'Guilty but mentally ill' -- how verdict works in Michigan

In the mid-1970s a Michigan man charged with shooting and killing his wife was judged ''not guilty by reason of insanity.'' Yet after 53 days of treatment in state mental health facilities, he was considered well enough to be put back on the street. A ruling by the state's highest court confirmed that those judged innocent under the insanity plea could not be kept in institutions once they have recovered.

That was the prod that led Michigan in 1975 to adopt an additional verdict option of ''guilty but mentally ill'' (or GBMI, as lawyers are now fond of calling it). While recognizing the defendant's need for mental treatment, this verdict does not excuse him from legal responsibility and a specific prison sentence for the crime.

Since Michigan took the lead, Indiana, Illinois, New Mexico, Kentucky, and Georgia have followed. Eighteen more states are weighing adoption of the verdict. And in the aftermath of public outrage at the ''not guilty by reason of insanity'' verdict in the trial of presidential assailant John W. Hinckley Jr., Congress is considering a similar provision in federal criminal law.

The new option is hotly controversial. Defense lawyers, some psychiatrists, and many civil libertarians tend to be critical. They suggest that jurors will latch onto it as an easy ''out,'' and many cases that should, in effect, be dismissed because of defendants' mental problems will instead result in convictions. An American Bar Association task force on mental health standards and criminal justice has been working on reform of the insanity defense for two years. An early draft of its recommendations argues that the ''guilty but mentally ill'' verdict is ''misleading.''

''It's a way for society to push the problem under the rug, forcing the correctional system, already subject to strained resources, to decide what ought to be done with the defendant,'' says Dr. Ingo Keilitz, director of the Institute on Mental Disability and Law for the National Center for State Courts. ''The problem . . . is then no longer up front and visible before the courts and jury . . .''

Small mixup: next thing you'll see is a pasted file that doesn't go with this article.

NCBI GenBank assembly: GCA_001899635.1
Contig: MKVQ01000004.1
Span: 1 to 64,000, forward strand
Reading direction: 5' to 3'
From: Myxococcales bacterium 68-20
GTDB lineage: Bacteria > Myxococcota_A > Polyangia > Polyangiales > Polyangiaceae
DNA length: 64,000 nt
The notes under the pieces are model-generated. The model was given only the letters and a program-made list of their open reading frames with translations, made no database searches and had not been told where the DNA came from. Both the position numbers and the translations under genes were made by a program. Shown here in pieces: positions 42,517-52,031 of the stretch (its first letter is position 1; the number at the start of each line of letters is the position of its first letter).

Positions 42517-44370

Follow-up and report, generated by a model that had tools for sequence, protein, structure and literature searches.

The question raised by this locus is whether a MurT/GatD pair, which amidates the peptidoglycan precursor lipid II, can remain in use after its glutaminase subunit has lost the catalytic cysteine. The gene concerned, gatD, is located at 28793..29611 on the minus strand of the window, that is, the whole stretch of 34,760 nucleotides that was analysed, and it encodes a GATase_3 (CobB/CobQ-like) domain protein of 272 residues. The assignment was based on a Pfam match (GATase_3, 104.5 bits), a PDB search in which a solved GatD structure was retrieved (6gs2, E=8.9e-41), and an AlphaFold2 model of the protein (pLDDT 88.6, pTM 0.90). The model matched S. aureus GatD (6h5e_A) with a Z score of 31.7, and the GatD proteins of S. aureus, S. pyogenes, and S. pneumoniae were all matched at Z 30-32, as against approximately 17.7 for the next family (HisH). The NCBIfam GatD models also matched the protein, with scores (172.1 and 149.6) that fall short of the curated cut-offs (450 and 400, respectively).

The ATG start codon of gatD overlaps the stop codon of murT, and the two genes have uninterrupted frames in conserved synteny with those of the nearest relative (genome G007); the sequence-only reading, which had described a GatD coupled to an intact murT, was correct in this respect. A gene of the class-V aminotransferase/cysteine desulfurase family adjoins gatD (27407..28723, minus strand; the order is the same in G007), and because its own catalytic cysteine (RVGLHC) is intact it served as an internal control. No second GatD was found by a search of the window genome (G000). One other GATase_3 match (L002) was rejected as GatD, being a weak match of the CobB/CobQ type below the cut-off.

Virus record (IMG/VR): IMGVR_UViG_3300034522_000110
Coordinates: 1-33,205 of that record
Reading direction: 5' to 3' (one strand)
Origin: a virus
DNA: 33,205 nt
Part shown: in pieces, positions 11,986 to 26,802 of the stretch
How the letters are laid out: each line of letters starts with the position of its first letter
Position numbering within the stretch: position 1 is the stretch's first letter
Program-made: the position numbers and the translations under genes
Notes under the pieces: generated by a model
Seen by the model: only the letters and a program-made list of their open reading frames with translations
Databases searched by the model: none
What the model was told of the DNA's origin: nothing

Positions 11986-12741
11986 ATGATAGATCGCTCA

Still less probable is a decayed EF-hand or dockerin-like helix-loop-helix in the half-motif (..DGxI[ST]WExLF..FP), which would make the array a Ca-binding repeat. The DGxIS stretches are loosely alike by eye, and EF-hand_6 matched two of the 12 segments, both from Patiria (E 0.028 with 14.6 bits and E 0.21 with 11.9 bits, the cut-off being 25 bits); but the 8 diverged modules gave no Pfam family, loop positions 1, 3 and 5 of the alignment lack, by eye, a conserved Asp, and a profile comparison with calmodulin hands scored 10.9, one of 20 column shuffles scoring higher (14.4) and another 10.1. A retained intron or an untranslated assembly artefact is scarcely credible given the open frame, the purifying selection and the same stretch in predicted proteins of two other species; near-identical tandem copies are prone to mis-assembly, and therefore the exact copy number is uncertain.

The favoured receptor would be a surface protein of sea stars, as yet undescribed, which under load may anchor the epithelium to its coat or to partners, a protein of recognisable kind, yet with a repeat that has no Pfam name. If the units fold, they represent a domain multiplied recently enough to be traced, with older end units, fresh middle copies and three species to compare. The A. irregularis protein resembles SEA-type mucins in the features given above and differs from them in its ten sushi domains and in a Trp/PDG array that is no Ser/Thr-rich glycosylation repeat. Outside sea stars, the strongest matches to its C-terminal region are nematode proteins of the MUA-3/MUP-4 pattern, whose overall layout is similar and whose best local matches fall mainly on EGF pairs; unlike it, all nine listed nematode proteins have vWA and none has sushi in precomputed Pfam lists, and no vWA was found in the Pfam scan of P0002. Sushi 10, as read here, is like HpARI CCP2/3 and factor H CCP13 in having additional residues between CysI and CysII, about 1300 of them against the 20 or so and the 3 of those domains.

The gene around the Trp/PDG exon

Proponents of the ''guilty but mentally ill'' option tend to describe its virtues in terms of fairness and added protection for society.

''I think the Michigan law is keeping the people off the streets that should be kept off,'' says Paul Rosenbaum, a lawyer and former state representative, who sponsored the Michigan legislation. ''Psychiatry at its best isn't an exact art,'' he said. ''This is one way of closing that loophole.''

''My concern is with community safety, and I think the new verdict option is working very well,'' agrees Jim Shonkwiler, executive director of the Prosecuting Attorneys Association of Michigan.

He says the psychiatric division of the Michigan Department of Corrections reports that about 20 such verdicts are rendered each month under state law, compared with an annual total of only 30 two years ago. He notes that sometimes defendants plead guilty voluntarily under the verdict. They see it as combining admission of the deed with a lack of full responsibility for it because of mental illness. ''It seems to offer some excuse,'' Mr. Shonkwiler says.

Terrance Boyle, chief of the criminal division of the Wayne County (Detroit) prosecutor's office, says that since the new law took effect, about 40 percent of the ''innocent by reason of insanity'' pleas have instead ended in a ''guilty but mentally ill'' verdict from the jury. If judged innocent because of insanity , he says, many of the same defendants would have been back on the street within 60 days.

''The new verdict option is a very good one for jurors, and it's removed a lot of the confusion . . . over mental illness by offering them a choice,'' Mr. Boyle says.